Several years ago we did a bunch of projects on Graham’s number.

An attempt to explain Graham’s number to kids, and

The last 4 digits of Graham’s number

These projects were inspired by this fantastic Evelyn Lamb article:

Graham’s numbers is too big for me to tell you how bit it is

Today I thought it would be fun to revisit the calculation of a few of the last digits of Graham’s number.

So, with no review, I asked my older son what he remembered about Graham’s number and then we talked about the surprising fact that you could calculate the last few digits even though you really couldn’t say much else about the number:

Next I asked my son about how he would approach calculating the last digit. He gravitated to the right idea -> modular arithmetic. The ideas were a little confusing to him, but I let him work mostly on his own.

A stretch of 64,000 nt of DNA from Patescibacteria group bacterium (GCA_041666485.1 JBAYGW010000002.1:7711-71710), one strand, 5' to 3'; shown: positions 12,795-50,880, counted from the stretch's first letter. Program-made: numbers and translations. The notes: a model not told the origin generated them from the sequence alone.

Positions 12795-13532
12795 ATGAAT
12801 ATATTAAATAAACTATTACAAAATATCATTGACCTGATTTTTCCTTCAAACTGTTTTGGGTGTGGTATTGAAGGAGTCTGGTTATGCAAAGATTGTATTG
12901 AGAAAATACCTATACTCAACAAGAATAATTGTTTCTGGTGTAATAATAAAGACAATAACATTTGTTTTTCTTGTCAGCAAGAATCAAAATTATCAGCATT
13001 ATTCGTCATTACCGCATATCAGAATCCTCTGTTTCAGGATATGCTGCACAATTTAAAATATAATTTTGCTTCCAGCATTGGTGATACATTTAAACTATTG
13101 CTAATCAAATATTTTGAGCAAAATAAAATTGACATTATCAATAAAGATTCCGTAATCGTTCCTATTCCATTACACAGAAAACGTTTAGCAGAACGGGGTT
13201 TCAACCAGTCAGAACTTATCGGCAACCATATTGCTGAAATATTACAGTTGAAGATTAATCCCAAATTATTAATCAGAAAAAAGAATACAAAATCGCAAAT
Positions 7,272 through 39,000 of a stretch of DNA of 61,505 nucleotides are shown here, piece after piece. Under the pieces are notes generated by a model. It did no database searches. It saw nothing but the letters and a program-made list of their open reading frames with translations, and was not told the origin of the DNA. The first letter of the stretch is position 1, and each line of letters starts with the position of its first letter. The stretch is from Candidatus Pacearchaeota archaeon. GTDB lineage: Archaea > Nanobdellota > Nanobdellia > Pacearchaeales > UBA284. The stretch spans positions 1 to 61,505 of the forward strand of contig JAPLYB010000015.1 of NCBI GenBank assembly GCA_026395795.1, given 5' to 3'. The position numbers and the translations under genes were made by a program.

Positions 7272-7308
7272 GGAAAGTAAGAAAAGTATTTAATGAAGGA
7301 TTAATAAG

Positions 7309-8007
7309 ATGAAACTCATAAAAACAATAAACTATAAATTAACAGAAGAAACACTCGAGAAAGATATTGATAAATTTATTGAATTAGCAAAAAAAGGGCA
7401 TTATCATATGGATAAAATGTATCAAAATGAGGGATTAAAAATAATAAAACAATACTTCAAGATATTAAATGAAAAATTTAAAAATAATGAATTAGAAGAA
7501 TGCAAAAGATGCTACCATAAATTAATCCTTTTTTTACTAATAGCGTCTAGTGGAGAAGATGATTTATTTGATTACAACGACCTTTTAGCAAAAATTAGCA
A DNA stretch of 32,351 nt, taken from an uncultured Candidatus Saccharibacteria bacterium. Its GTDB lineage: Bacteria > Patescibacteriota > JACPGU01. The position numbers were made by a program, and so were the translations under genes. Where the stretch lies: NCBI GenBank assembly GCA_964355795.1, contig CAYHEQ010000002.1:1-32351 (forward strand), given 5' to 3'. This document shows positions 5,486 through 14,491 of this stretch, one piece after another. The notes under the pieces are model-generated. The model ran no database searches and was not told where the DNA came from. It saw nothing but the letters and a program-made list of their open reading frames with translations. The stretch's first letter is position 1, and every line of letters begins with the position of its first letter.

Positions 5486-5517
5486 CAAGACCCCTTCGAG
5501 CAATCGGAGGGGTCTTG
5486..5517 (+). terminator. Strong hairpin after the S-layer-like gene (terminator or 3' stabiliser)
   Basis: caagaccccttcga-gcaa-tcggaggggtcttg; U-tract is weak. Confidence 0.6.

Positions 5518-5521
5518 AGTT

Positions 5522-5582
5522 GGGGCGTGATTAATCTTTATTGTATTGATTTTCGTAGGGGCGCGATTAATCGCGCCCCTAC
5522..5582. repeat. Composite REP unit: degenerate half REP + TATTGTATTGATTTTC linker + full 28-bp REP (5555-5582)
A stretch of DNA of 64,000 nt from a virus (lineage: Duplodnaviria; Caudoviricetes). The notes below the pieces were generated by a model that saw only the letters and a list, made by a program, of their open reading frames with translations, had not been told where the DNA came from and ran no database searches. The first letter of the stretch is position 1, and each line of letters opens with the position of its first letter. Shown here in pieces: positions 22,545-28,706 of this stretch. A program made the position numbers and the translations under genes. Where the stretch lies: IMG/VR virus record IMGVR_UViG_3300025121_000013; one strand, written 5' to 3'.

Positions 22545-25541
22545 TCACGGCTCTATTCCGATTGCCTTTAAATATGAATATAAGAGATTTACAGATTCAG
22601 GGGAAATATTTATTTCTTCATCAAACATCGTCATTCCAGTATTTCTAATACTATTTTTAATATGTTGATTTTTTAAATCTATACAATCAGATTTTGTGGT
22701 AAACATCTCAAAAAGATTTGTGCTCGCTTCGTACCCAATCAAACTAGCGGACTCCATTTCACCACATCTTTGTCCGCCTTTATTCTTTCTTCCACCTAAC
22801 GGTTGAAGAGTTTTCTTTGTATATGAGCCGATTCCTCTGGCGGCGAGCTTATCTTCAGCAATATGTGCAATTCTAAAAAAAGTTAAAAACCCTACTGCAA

We didn’t get to the end in this video, but you can see how the ideas start coming together.

In the last video he had made some progress on finding the last digit, but one piece of the argument kept giving him trouble.

BUT, he did have a correct argument – it just took him a minute to realize that he was on the right track.

Again, this is a nice example of how a kid works through some advanced mathematical ideas.

Next we went to the computer to begin looking at the last two digits of Graham’s number. The last two digits of powers of 3 repeat every 20 powers, so it was easier to use Mathematica to find the cycle than it was to do it by hand.

Here I just explain the short little computer program I wrote to him.

Finally, we tried to see if we could use the idea that the powers of 3 repeat their last two digits every 20 steps to see if we could find the last 2 digits of Graham’s number.

As we started down the path here, I didn’t know if we’d find those last two digits. But we did! It was a nice way to end the project.